The Post’s parliamentary correspondent first noted that the Transport Secretary might be breaking here.
And at one point at lunch earlier today he even said “c’mon!” to us in the middle of a rant.
Some other regional hacks and myself were having lunch with Hoon when someone inevitably brought up the snow issue and why busses don’t have any chains for their tyres.
“How many snow chains have you got?” Hoon demanded from the hack. There was silence.
“I, I don’t have any,” came the quiet response.
“No. Have any of you got any snow chains? How much are they? £54.50 at Halfords,” he said answering his own question.
“Why has nobody got any snow chains?” More silence. “Then why are you all whinging about what the Government hasn’t got?”
“C’mon! If you live in the Alps you’ve got snow chains, you’ve got them in the back of your car. Why has none of you – intelligent capable people – got snow chains?”
At this point another hack said: “Well, I don’t have a car.”
UPDATE (6th Feb): Hoon pulled the same trick on Question Time last night - demanding to know if anyone had snow chains. He seems to have adopted this new 'attack is the best form of defence' approach all round.
The MD of South Eastern Trains will be jumped by the chiefs of four other rail companies, who he made look very stupid, and they’ll whip him with their silk ties till he bleeds.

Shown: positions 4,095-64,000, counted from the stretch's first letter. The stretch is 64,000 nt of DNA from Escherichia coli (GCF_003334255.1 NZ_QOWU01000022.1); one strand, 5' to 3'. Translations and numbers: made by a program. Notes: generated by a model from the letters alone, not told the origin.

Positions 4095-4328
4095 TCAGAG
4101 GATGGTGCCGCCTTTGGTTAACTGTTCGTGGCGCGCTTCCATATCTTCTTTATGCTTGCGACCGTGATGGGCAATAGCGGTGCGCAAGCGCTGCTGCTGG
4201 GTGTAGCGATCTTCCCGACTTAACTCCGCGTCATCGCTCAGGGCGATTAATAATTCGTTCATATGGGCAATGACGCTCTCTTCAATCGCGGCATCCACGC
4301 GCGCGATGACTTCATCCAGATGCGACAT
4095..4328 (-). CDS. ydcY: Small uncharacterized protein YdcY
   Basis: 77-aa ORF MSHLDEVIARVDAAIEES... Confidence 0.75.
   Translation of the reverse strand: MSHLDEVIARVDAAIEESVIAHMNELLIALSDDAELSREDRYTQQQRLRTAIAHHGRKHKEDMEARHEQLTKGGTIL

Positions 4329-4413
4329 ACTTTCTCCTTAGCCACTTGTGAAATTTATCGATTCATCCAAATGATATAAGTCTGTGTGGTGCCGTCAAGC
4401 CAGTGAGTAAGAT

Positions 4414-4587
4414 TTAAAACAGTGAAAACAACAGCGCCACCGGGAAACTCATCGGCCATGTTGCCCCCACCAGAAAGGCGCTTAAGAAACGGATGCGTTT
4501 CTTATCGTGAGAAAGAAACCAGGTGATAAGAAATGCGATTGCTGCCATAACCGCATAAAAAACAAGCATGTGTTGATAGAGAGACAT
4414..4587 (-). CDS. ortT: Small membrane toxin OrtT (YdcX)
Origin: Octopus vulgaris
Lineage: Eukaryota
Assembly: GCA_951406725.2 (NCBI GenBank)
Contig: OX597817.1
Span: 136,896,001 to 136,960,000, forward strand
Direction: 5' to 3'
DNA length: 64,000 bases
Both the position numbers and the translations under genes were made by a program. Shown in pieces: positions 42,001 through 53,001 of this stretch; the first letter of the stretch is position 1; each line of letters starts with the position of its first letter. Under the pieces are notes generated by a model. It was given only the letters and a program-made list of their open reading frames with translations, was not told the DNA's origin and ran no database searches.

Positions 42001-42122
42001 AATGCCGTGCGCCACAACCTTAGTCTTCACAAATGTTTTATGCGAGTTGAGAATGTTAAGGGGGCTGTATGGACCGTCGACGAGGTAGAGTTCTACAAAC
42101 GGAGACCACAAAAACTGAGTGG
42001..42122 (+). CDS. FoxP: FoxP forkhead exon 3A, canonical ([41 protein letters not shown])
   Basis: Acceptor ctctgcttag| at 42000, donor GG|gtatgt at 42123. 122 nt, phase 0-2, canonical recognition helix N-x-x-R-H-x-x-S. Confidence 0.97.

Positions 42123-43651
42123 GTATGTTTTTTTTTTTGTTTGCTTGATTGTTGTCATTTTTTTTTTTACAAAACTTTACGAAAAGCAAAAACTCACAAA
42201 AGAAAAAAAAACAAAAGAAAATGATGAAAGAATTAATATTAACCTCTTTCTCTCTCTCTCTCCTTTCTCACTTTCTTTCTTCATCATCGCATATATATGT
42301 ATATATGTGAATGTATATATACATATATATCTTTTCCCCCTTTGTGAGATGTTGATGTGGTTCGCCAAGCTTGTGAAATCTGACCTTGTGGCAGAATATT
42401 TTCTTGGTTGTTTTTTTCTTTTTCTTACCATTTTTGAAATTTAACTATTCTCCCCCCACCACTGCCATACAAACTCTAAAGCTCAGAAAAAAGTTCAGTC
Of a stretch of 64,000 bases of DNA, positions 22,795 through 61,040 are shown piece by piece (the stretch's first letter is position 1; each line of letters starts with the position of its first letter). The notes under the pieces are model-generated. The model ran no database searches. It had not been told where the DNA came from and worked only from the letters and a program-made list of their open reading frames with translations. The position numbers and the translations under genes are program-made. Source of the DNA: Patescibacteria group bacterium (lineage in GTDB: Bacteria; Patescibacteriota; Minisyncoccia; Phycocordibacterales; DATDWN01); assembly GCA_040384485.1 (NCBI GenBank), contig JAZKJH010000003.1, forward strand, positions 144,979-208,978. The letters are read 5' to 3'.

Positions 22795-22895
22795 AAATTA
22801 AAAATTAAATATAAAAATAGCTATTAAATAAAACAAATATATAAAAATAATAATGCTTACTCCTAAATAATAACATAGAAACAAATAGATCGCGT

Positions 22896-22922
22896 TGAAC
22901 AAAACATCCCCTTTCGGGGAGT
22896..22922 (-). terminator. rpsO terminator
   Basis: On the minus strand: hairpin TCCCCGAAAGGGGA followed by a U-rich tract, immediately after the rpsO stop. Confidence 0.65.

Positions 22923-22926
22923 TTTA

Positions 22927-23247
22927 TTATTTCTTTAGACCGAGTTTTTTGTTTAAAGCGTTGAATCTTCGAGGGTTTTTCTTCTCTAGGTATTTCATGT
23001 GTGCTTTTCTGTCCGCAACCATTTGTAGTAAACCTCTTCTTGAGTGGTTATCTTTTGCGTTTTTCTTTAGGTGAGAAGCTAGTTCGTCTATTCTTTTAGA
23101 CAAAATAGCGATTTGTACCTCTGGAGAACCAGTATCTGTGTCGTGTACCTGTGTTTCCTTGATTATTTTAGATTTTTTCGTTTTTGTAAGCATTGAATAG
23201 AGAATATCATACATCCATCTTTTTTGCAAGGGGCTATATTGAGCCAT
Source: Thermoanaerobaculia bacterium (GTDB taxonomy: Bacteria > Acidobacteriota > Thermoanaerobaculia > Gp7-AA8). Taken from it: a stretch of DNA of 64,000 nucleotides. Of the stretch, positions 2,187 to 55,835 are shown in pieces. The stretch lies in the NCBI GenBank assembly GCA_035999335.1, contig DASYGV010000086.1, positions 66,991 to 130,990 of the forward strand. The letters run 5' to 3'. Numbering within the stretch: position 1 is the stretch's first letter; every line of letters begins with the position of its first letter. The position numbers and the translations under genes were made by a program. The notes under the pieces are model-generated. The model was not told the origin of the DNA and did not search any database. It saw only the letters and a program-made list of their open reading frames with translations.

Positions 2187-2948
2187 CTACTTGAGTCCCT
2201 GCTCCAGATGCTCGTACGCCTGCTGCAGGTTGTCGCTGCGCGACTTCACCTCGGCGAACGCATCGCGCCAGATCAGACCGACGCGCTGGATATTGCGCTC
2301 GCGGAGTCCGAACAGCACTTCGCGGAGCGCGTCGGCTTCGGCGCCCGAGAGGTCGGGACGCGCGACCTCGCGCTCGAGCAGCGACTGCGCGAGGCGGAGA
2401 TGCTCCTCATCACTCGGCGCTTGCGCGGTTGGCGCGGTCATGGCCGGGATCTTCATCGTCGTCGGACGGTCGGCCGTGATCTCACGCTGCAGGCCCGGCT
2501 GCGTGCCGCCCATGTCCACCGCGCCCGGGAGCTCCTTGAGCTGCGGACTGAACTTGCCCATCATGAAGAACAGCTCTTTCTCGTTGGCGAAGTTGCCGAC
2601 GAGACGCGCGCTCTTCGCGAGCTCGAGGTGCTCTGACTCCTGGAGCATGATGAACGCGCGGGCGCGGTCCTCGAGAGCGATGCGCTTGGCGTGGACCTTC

He was the one boss who agreed to tell MPs in last night’s Transport Select Committee how much profit his company was making – £27m for the record.
Four others – from Virgin, First Group, Hull Trains, and National Express – refused to cough up the info, infuriating the committee chair.
When Horton decided to speak up the others started throwing each other panicky looks.
Beads of sweet began forming on the forehead of First Group’s Paul Furze-Waddock (it’s his real name, honest) while I thought Virgin’s Graham Leech (the irony) was going to spontaneously combust.
Leech’s head started twitching and he chewed his bottom lip while he twisted his neck round to stare at the other bosses.
None of them would say what their most expensive fare was, having hiked their prices well beyond inflation earlier this year.
Stand aside suffragettes, out of the way William Wilberforce – a new force for freedom is upon us.